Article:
A strike against the Earthgrains Company, the second-largest US wholesale baker, by Alabama members of the Bakery, Confectionery, Tobacco Workers and Grain Millers International Union (BCTGM) has moved into its fourth week. Pressure is increasing on both management and workers to settle the dispute, which has spread to disrupt baking or deliveries at 26 of the company's 66 US plants (of which 58 are unionised). Earthgrains' plants in France, Portugal and Spain have not been affected.

Although most of the plants have continued to operate with managers and temporary workers, food industry analysts are speculating the company has begun to accumulate added costs of overtime, temporary workers, travel and expenses for relocated employees, security guards, legal counsel and for extra shipping costs to buy products from outside suppliers. It also faces lost sales to competitors. Although first-hand information is lacking, the analysts also speculate the striking workers will be under increasing financial pressure to consider returning to work. Relatively low-paid bakery workers may find it difficult to live without paycheques for an extended period, said another analyst who believes the strike will hurt workers more than the company.

Retailers could ditch Earthgrains

However, as the strike has expanded, stock market analysts have become more concerned about prospects for an early settlement. The longer the strike is continued, the more retail stores will shift shelf space from Earthgrains to other bakers, and they speculate it may prove difficult for Earthgrains to recover the business foregone.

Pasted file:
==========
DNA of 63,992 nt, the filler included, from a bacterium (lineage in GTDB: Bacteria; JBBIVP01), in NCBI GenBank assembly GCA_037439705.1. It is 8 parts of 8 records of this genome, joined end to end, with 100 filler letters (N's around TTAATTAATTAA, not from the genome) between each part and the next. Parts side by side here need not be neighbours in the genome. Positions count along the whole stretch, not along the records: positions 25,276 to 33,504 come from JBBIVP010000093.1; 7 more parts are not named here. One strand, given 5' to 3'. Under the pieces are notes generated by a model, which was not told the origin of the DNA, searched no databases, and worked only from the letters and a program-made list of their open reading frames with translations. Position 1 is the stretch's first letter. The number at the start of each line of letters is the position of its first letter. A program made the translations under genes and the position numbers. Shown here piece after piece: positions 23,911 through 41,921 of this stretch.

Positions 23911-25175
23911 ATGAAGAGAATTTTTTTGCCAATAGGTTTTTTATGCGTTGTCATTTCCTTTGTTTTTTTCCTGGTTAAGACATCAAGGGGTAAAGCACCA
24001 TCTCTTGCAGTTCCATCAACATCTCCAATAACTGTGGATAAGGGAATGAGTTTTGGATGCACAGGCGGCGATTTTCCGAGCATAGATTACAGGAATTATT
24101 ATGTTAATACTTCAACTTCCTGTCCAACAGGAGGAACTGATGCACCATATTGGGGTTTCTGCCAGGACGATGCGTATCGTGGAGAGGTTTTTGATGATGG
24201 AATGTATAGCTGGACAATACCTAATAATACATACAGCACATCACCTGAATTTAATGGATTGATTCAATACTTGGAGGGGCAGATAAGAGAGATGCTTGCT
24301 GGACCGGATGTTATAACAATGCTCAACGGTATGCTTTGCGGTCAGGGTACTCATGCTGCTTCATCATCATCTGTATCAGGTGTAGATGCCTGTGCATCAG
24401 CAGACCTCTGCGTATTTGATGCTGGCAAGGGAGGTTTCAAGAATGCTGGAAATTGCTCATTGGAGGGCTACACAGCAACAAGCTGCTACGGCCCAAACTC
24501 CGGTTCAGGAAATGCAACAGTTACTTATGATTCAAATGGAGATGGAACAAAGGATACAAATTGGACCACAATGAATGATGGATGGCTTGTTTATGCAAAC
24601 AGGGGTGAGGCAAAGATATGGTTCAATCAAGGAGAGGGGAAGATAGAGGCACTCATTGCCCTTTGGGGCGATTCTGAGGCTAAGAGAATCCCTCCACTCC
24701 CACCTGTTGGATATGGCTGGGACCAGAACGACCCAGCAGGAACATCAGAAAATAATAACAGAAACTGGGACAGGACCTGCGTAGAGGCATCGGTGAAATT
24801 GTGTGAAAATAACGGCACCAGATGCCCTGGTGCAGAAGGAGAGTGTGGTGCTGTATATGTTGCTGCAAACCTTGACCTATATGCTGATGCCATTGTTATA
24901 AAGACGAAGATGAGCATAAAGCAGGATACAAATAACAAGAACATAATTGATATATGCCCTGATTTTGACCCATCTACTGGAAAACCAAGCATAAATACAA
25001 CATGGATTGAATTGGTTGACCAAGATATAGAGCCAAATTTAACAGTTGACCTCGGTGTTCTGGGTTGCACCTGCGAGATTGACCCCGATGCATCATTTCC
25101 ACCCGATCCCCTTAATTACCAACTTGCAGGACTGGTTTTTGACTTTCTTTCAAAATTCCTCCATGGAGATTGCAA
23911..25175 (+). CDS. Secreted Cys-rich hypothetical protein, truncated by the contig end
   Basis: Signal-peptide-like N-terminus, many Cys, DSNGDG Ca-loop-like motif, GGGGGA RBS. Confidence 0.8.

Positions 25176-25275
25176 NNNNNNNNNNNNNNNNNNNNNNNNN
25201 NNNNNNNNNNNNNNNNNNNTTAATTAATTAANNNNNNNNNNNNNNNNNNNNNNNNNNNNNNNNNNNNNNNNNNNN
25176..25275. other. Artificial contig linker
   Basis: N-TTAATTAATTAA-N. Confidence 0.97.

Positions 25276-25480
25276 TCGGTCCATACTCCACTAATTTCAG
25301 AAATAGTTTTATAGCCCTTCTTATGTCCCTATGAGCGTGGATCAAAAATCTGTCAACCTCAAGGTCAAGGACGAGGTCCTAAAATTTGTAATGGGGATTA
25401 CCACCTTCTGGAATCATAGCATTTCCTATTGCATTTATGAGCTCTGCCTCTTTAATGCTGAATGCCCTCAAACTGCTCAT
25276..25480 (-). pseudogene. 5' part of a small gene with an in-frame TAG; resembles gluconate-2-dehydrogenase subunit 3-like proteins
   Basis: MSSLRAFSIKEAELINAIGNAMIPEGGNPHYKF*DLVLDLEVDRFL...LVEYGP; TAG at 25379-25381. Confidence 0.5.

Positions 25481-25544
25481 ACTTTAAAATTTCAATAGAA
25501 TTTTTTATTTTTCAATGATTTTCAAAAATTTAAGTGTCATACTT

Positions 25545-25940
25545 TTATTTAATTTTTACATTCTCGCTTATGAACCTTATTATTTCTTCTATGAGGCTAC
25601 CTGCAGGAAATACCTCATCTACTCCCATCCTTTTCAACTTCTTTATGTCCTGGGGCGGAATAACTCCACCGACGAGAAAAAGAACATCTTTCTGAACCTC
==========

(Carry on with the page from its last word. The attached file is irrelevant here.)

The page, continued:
David C. Nelson, food and agribusiness analyst at Credit Suisse First Boston, a brokerage firm in New York, said the company had experienced significant market disruptions in California - where its four plants have been able to supply only about half of normal demand - but elsewhere had been able to maintain 80-90% of its normal market presence. Others suggest Earthgrains may lose market share to the larger Interstate Bakeries Corporation, if its shortfalls continue in California.

A new contract agreed last weekend with Teamsters Union drivers in California was significant because delivery workers have not joined the sympathy picket lines, allowing Earthgrains to maintain distribution with minimal disruption. Although no one predicts a near-term end of the strike, Nelson added, "The situation seems to be peaking in severity as the (union) position may be weakening owing to a lack of outside support and increasing numbers of employees crossing the picket lines." He said the company was confident in its ability to maintain current service levels in the Southeast and Texas.


Earthgrains historically has maintained "excellent relations" with its employees' unions, Nelson said. This strike is the first against Earthgrains in more than seven years (when it was Campbell-Taggart, a subsidiary of Anheuser-Busch), but it comes as the US trade union movement is seeing a resurgence after many years of decline. Recent successes against the giant shipper UPS and the dominant East Coast communications company Verizon have given the labor movement confidence, and the lowest unemployment level in several generations makes it more difficult for companies to find replacements for striking workers. Interstate Bakeries earnings during last year's Q4 suffered because of an eight-day strike at its north-eastern US bakeries.